The series culminated with the $1,500 Main Event that began on Saturday November 23rd and drew 149 entries. After almost twenty five hours of play, including four hours of back and forth heads up action, Andrew Spears of Buffalo, NY outlasted Brian McCormick and took home $52,410 in first place prize money.
McCormick took home $32,610 for his efforts after getting into the Main Event by winning a drawing for a free seat in a Step 1 satellite. He won that satellite and then won a Step 2 satellite to earn his $1,500 buy in.
Alex Barker ($19,799)and Johannes Mueller ($14,558) rounded out the top four finishers.
Thanks to the loyalty of its players, Seneca’s Fall Poker Classic was a tremendous success. Check senecapoker.com for upcoming events.
Bracelet winner earns follow-up gold trophy and pockets $122K in Quebec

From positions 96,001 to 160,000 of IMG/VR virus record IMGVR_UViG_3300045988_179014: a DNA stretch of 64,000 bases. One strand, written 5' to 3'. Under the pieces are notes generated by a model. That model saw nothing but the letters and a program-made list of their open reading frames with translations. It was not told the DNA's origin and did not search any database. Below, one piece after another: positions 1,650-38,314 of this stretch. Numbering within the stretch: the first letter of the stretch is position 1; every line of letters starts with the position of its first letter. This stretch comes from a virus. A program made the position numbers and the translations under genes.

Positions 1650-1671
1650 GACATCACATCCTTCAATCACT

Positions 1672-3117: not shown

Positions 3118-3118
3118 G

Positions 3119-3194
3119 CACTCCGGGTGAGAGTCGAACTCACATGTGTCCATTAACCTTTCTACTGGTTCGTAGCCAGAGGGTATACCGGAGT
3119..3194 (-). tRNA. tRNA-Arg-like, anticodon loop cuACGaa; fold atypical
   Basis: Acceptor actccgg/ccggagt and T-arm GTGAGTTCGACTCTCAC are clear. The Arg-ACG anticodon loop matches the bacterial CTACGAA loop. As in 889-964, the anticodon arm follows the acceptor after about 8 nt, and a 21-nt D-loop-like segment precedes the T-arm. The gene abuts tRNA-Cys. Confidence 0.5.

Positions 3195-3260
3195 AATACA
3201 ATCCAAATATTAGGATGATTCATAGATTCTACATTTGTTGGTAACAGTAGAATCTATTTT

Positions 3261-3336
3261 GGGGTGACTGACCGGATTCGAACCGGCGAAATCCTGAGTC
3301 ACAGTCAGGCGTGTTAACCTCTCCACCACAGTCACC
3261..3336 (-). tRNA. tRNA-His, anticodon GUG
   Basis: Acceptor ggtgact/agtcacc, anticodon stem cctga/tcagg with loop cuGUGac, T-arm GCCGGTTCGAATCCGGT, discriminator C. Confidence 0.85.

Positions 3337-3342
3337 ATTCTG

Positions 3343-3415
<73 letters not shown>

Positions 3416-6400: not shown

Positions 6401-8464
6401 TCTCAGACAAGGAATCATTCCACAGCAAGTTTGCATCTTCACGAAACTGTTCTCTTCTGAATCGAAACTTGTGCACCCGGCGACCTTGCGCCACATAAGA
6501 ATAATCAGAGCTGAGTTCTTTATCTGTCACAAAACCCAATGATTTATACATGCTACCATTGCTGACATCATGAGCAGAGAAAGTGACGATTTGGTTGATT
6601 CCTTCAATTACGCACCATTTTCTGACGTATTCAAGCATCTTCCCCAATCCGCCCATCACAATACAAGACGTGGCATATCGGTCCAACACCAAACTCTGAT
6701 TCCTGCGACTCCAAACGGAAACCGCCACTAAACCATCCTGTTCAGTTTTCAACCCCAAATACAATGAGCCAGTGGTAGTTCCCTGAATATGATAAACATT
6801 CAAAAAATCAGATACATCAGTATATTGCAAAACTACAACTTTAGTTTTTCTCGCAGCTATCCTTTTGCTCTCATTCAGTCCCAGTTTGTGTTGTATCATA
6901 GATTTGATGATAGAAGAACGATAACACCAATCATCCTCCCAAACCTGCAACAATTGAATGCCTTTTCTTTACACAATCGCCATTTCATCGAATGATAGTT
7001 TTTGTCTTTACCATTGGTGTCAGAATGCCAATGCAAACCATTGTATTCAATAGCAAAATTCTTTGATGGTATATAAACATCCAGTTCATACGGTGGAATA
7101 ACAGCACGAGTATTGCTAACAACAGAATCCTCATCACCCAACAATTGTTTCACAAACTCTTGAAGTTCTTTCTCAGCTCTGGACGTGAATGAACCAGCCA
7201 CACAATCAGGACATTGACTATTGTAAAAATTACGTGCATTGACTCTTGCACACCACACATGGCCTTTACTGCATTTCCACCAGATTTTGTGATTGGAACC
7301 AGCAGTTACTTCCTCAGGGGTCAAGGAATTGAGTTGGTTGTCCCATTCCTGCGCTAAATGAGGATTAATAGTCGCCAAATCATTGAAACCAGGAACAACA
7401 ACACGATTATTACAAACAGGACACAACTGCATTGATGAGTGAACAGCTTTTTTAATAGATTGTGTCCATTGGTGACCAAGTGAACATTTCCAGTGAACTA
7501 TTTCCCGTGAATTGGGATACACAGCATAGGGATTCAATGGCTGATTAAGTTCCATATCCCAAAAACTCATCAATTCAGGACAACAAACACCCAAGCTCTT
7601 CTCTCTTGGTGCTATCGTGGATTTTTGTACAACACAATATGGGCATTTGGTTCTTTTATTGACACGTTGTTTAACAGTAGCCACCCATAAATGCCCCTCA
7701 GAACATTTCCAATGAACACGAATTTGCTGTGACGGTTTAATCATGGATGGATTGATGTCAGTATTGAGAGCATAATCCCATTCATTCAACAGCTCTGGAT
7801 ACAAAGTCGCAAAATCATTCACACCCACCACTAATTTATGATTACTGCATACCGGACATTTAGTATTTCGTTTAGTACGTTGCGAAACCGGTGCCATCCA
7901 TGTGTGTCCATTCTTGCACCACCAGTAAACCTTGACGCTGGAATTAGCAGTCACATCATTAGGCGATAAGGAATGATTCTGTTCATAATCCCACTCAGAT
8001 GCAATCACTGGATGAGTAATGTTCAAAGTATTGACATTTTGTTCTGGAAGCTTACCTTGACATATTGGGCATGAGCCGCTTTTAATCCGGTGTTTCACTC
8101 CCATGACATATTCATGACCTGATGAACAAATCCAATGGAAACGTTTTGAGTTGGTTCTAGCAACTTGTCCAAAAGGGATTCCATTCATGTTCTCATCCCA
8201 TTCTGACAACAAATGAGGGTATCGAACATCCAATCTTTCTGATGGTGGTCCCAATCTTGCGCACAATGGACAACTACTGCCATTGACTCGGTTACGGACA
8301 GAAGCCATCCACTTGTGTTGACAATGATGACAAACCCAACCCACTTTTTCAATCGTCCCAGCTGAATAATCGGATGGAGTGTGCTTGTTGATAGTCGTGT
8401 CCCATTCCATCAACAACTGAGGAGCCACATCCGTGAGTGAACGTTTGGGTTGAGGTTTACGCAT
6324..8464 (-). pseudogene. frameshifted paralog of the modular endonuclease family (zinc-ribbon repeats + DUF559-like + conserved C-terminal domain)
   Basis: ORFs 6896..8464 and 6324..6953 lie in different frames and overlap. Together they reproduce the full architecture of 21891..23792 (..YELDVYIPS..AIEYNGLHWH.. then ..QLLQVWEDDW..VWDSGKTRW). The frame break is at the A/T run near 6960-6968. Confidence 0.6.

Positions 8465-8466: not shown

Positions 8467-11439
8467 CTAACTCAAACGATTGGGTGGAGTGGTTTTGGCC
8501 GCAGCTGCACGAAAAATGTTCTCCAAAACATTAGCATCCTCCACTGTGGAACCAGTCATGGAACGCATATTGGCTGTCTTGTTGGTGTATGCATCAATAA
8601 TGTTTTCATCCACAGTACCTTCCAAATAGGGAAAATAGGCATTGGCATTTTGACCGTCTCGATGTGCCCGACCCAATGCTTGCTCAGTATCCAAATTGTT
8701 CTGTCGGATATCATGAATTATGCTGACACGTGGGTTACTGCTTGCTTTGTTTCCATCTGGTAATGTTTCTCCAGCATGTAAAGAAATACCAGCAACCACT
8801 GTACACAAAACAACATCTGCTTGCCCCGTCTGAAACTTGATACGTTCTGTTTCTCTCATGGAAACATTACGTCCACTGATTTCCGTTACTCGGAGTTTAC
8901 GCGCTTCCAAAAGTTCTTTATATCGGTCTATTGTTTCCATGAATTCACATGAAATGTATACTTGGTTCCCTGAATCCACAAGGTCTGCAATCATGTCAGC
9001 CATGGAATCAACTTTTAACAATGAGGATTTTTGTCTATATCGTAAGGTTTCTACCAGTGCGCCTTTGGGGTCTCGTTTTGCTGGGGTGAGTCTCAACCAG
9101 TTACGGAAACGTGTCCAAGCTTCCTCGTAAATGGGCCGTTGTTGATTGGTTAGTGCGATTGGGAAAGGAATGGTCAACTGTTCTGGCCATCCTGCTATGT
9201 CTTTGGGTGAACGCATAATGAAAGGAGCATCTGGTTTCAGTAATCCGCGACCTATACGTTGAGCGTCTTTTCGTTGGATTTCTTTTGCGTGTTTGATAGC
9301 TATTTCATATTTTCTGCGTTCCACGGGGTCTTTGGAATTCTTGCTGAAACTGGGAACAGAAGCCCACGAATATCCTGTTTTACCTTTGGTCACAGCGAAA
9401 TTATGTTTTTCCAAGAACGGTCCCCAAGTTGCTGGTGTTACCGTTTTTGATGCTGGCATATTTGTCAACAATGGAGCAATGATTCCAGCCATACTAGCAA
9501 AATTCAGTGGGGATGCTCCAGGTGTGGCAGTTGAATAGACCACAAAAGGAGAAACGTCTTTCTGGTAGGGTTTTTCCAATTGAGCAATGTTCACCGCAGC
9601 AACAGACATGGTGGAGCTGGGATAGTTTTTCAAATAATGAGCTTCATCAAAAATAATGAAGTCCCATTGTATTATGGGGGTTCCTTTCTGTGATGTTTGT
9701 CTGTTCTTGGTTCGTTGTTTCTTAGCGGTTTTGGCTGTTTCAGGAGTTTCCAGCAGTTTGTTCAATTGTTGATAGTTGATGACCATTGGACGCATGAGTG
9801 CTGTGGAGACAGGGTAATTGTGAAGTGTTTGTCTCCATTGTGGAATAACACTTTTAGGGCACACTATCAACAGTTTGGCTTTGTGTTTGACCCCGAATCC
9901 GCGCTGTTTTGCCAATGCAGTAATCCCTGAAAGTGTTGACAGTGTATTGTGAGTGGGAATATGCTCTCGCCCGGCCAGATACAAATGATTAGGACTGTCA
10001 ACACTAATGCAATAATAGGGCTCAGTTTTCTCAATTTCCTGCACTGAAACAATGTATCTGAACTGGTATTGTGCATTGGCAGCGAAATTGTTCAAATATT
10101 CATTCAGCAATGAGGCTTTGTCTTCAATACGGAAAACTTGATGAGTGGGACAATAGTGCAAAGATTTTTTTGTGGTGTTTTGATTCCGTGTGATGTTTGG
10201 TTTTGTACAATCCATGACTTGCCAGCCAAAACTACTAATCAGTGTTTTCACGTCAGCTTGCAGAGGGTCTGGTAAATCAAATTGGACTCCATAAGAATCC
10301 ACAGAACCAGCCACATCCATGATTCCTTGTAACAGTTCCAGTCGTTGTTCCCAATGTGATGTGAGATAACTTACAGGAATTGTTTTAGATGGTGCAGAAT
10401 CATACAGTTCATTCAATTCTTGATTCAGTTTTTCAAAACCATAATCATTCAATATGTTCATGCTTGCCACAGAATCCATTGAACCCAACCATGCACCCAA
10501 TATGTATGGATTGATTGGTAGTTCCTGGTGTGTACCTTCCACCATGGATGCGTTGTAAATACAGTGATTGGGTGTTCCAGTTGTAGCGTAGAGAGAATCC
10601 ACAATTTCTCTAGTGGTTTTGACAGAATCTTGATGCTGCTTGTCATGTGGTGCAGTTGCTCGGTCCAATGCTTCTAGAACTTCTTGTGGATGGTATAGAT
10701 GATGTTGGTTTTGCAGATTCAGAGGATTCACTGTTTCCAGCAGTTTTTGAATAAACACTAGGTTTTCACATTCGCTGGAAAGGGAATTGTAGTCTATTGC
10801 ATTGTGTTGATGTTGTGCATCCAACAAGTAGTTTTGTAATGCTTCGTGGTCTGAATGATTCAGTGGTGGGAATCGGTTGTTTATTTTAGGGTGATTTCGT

The final day of the Casino Lac-Leamy Main Event started with Charles Sylvestre on top and ended with Charles Sylvestre on top. The Quebecois WSOP bracelet winner ruled the tournament and never slowed down as he battled his way through the final 18. Sylvestre earned the $122,435 first place prize, a WSOP Circuit gold ring and on top of that, a berth into the WSOP National Championship.
“After my unexpected WSOP bracelet this summer, to come back here to Lac- Leamy, my hometown, and ship the ring… I can’t ask for better. It’s an amazing feeling,” Sylvestre said.
The 2013/2014 WSOP Circuit at Casino Lac- Leamy marked the first time for a WSOP event to take place in the Canadian province of Quebec. The series was a success, not only drawing 371 players for the $1,675 finale, but drawing rave reviews from players.